Nearly one-quarter of US baby-boomers are insulted by the advertising messages that companies are sending them, according to a new study.
As a result, most said they were less likely to buy certain products, and nearly half believed that there was little truth in advertising.
The findings emerged from a study of 30,000 people, aged 42 and over, conducted by Focalyst, a joint venture between the WPP advertising group and the American Association of Retired People.
The survey suggested that many companies were taking a misguided approach as they attempted to reach out to the largest and wealthiest group of US consumers.
“There’s a perception among advertisers that if you’re over 50, your biggest concern is incontinence – that’s not true,” said Mike Irwin, president of Focalyst.
Mr Irwin said he believed that advertisers often erred in approaching baby-
boomers by putting out overly general messages often based on stereotypes rather than focusing on different segments of a vibrant population, whose ranks include Donald Trump and Sylvester Stallone, among others.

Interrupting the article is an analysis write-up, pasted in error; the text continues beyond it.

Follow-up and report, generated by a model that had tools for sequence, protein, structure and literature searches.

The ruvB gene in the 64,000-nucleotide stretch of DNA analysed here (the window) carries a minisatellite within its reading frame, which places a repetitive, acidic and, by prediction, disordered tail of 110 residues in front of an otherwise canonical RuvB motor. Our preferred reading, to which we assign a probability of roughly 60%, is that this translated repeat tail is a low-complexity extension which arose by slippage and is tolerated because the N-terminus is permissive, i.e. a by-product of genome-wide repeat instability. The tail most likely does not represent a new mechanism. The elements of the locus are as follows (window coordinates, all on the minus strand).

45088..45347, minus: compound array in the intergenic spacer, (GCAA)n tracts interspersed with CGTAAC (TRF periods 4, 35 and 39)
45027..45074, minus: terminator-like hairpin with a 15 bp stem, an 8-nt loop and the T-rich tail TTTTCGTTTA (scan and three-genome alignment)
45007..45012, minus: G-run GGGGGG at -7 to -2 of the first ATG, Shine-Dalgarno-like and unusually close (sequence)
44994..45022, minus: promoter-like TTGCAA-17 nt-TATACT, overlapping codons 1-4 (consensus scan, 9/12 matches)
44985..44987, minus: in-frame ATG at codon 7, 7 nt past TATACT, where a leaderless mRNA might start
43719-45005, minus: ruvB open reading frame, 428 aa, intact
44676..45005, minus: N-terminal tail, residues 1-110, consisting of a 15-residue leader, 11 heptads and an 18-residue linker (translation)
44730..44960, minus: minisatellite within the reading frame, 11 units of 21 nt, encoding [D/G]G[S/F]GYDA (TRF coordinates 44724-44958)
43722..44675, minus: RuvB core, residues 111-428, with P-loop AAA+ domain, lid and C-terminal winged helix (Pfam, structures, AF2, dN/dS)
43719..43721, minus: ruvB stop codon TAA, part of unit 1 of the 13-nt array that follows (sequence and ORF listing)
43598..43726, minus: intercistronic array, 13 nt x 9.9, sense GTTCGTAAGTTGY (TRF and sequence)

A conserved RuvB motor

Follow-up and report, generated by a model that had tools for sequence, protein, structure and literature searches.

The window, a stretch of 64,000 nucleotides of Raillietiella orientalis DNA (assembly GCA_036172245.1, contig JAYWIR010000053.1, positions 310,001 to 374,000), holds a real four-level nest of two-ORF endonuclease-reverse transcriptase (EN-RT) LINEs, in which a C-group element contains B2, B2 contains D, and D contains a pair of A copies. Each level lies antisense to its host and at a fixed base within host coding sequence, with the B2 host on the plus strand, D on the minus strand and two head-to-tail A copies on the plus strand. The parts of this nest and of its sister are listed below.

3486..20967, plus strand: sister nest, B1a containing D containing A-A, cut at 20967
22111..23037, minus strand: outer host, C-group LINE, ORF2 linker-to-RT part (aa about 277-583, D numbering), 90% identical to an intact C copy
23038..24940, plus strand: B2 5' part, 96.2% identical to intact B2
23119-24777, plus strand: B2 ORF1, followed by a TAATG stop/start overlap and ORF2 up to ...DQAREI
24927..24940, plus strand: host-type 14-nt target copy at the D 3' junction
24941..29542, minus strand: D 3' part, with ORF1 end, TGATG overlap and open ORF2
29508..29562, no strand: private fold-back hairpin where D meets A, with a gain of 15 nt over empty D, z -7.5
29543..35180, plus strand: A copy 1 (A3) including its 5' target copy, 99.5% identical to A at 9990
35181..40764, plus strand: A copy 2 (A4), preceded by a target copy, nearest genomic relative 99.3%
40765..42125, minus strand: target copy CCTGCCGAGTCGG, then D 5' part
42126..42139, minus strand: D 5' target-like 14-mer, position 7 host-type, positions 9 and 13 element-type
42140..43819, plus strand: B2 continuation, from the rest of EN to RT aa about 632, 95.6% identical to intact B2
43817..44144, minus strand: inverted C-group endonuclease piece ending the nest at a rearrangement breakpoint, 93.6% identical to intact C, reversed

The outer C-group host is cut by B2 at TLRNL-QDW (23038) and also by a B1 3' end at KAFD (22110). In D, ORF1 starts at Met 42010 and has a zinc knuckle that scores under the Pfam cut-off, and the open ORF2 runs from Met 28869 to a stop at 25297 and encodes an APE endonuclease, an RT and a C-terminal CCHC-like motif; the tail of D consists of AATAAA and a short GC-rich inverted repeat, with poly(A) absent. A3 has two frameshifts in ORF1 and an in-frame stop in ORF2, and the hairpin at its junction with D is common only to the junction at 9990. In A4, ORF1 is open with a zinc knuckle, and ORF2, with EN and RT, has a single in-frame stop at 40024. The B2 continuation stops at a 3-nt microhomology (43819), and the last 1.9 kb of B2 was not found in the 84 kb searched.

Advertisers typically salivate over 18- to 49-year-old consumers, in part because they are considered more willing to change the brands they use and embrace new products.
However, the sheer size and wealth of the baby-boom generation, whose oldest members turn 60 this year, has made greying consumers a potential growth market for companies such as Anheuser Busch and Audi.
There are more than 77m US baby-boomers, according to the AARP, and by 2010, nearly one in three Americans is expected to be more than 50.
The baby-boomers’ annual spending power is estimated to be $2,100bn, and they control roughly three-quarters of the country’s financial assets.
In addition to their financial clout, the Focalyst study suggested that older consumers might be less tied to particular brands than commonly believed.
Two-thirds of the study’s respondents said that their purchasing decisions were driven not by brand, but rather by value.
“Advertisers have a perception that brand loyalty is pretty much set in people over 50, and that’s not true,” Mr Irwin said.